Congestion charging zones, along with investment in public transport and infrastructure for walking, cycling and electric vehicles, are urgently needed to improve air quality, the RTPI has said.
In its response to the consultation on the draft UK Air Quality Plan, the Institute has also called on the UK Government to join up land use and transport planning to ensure new developments prioritise active travel such as walking and cycling, and public transport.
The Institute says existing measures in the planning system - development management and Local Plans - could be better used to prevent new development generating air pollution. It has cautioned, however, that funding and staff shortages are preventing councils from implementing strong air quality measures and policies.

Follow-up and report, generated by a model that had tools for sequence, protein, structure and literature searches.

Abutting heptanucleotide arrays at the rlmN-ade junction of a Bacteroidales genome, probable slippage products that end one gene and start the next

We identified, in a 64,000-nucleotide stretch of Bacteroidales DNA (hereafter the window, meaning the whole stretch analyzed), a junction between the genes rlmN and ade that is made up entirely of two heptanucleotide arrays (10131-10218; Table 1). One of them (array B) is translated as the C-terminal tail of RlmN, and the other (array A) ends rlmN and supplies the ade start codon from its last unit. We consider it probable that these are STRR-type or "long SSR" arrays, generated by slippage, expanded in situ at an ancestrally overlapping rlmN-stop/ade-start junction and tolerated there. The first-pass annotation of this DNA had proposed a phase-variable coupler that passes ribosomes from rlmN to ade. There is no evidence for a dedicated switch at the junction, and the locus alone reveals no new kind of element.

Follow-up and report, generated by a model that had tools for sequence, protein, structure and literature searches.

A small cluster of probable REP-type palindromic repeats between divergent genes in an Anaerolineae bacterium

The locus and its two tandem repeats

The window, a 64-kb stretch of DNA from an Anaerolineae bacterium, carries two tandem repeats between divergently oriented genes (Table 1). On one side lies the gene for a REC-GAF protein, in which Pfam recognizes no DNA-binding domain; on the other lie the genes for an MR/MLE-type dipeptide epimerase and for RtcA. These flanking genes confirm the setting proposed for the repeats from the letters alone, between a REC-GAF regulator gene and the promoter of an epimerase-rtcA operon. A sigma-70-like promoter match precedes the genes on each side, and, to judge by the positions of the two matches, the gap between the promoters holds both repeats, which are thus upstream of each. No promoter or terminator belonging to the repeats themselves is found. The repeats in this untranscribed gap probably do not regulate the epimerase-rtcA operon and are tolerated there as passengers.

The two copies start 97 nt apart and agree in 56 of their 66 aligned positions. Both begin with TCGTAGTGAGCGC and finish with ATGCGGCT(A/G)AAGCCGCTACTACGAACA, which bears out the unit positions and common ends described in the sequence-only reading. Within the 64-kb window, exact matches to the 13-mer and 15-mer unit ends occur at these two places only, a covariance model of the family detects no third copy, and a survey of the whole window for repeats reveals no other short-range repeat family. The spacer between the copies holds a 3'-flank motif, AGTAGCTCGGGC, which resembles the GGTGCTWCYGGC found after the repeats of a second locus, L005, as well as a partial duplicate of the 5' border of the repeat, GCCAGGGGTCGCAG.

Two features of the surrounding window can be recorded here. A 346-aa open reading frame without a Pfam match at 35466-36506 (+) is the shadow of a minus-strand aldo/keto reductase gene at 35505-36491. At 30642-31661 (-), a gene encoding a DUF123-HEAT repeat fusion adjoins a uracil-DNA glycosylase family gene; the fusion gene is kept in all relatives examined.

It says revenue raised from charging vehicles from entering Clean Air Zones, like the one used in cities such as London, could be reinvested by councils to improve monitoring and enforcement, and to develop the technical capacity to create maps which integrate land use, transport and infrastructure.
James Harris, Policy and Networks Manager said:
"The draft plan says little on the critical relationship between the built environment, infrastructure and air quality and how planning can link these together. We know planning has a central role to play - it is already being used as a tool to improve air quality in Scotland. Their successful measures should be a part of the solution the Government applies across the UK in its final plan."
Read the RTPI's full response to the consultation on the draft UK Air Quality Plan.